That of course presupposes that evil is a thing whose existence is real — not merely the absence of the good, but a substantive, almost tangible, entity. Let me assure you that it is, and that it is delightful. Oh, do not be afraid, do not squirm. It is not yet time for all that. I have merely laid my hands on your shoulders as a gesture of camaraderie. What? You raise your eyebrows? You question, mon semblable, mon frére? How can you be brother to a monster, even a refined monster? Good friar, we are all monsters. Look in your heart. Look at the darkness. Every lust, every ill-intended glance, all those bitter words over the course of your twenty-two years? Each timid, homoerotic encounter in all those dark alcoves of your youth (and yes, do not blush, why else would you have rushed off to a monastery?)? All those acts are but isolated pullings from the great and aethereal malevolence that hangs like smoke through the universe. Now let me ask: if we are made in the image of God, and yet we are all monsters, what then is God? Ah, a fresh tear. The monster, the man of madness, has induced yet another tear.

We have arrived. Is it not beautiful? I planted it myself, maybe a year after my acquisition of the Triumph of Death. Just nine years old, yet it is one of the largest trees in this unreal city. I used no seed — I grew it from corpses and my discarded clozapine. Tangled within its roots you will find four bodies. The male infant I took from its crib in the eastern quarter. The old woman required only a bottle of bourbon to be lured from her street corner. The young politician, however, was a difficult acquisition, much more difficult than Pieter Bruegel’s masterwork. My favorite, of course, is my twelve-year-old ballet dancer, still moldering in her pink pointes. Ha, you squirm, friar. You’ve caught my meaning. And there they are! I can see the words you cannot speak:

“Stetson! My God, what have you done? What are you doing?”

All walks of life must be represented in a Danse Macabre allegory, my good friar, though I suppose mine is something more than an allegory. That is the why for this evening. For nine years my tree has been starved of the religiose. But no more.

What’s that? Your eyes are wide and searching. My brother, it is not the breeze which stirs those blue pedals blossoming in the boughs. There is no breeze at all. Yet the tree is quivering. Soon it will do much more than quiver.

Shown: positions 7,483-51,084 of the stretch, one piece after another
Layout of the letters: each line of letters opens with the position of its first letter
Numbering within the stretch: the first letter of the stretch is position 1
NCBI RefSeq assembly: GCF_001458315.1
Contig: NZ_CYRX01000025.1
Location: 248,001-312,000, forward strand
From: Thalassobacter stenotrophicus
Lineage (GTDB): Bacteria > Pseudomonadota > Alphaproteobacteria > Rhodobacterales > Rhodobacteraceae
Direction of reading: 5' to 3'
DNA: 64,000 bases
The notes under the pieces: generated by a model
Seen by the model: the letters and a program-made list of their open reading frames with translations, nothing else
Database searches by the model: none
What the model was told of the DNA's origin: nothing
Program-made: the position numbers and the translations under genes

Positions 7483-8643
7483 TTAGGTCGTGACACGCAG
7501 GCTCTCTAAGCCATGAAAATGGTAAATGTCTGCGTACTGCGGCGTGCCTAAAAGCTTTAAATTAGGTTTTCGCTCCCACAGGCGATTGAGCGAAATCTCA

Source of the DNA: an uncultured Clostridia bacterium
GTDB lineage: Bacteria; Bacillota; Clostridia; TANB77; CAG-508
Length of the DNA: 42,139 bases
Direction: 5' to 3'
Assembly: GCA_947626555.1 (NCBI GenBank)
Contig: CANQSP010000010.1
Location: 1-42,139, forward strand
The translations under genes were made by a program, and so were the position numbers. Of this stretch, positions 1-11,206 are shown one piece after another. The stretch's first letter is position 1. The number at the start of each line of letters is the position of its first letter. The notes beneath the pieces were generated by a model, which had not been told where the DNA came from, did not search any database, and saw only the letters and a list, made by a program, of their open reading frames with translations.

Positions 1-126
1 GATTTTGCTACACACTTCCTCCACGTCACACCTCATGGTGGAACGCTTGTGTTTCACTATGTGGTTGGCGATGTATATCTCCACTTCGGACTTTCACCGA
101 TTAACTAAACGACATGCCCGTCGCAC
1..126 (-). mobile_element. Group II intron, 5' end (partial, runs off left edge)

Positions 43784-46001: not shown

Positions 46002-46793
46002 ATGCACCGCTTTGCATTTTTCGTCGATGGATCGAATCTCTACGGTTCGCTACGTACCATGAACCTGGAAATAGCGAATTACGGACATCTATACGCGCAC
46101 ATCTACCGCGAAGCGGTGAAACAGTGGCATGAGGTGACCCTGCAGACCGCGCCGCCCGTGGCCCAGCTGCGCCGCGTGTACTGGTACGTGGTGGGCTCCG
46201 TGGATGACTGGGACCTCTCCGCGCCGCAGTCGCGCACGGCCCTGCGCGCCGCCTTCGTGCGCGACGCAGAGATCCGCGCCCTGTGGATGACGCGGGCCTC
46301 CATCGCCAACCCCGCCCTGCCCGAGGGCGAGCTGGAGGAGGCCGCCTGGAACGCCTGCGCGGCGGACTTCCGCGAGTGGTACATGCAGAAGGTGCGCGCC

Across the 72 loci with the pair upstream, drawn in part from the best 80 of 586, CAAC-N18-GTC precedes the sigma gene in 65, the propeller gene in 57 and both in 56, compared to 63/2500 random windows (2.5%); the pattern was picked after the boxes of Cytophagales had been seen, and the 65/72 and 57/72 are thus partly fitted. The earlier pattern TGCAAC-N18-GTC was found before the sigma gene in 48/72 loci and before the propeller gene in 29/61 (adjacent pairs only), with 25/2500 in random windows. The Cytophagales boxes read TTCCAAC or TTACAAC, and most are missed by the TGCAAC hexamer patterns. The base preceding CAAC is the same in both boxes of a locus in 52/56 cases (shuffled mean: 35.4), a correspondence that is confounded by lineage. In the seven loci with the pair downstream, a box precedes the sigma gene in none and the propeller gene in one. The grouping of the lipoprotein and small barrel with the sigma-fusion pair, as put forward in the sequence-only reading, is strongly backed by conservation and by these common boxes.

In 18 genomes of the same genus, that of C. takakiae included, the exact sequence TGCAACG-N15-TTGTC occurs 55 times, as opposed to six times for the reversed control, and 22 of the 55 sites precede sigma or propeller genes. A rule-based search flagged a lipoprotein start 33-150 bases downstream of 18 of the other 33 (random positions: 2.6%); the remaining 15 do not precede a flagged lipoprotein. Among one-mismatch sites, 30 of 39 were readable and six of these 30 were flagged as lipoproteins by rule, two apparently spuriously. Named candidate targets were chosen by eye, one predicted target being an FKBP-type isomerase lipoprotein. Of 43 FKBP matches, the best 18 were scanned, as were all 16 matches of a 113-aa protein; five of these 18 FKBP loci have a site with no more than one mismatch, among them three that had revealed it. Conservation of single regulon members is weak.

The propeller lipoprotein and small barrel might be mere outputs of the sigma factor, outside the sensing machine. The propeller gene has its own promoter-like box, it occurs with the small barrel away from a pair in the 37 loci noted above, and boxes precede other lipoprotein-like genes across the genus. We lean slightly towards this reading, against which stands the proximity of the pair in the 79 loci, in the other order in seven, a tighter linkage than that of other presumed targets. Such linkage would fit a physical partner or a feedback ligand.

• • •

“In solitude and in fatigue, one is after all inclined to take oneself for a prophet.” Or so one wry Frenchman would have us believe. In these minutes I have allowed you, have you taken to prophecy? Have you envisioned the end that is coming? I would expect not; watching the roots of a tree writhe in their soil would be enough to blank the mind of any man. Ah, you start! It is only the gramophone, the very one whose gold stenciling you so praised just hours earlier, which conjured those darling reminiscences of your grandmother and her Victrola. I have brought it out as a stolid participant — without music there can be no dance. I’m sure you recognize the composition. Liszt’s dance is certainly the finest. Now, let me make you a promise: this will torment me for the rest of my life, just as the souls under my tree have tormented me these nine years. I am not devoid of conscience, even now it is screaming. How I love to hear it howl! Please, friend, do not struggle. Accept what is necessary. They are only clothes, after all. Let yourself be returned to that primal condition, that garden-innocence. See, you are not alone. I am removing mine as well.

Think of this as an honor. “Blessed are you when people insult you, persecute you and falsely say all kinds of evil against you because of me. Rejoice and be glad.” Ah ha! Totentanz! This is certainly on account of him. Perhaps even now you see your reward. Is it beautiful? Does it shine? Or has God proven himself a beast? You tremble. Is the honor too great? Are you afraid I am botching it?

Ah, there, one arm at a time. Do not worry; I am an old hand at crucifixion. You will remain conscious long enough to watch me dance naked in your blood.

 

 

Justin Lee is a counselor at a residential treatment facility for miscreant youth. When not wrestling with hooligans, he spends nearly all of his time writing fiction and studying philosophy. He lives in Waco, TX.


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ISSUE #20

October 2010

FICTION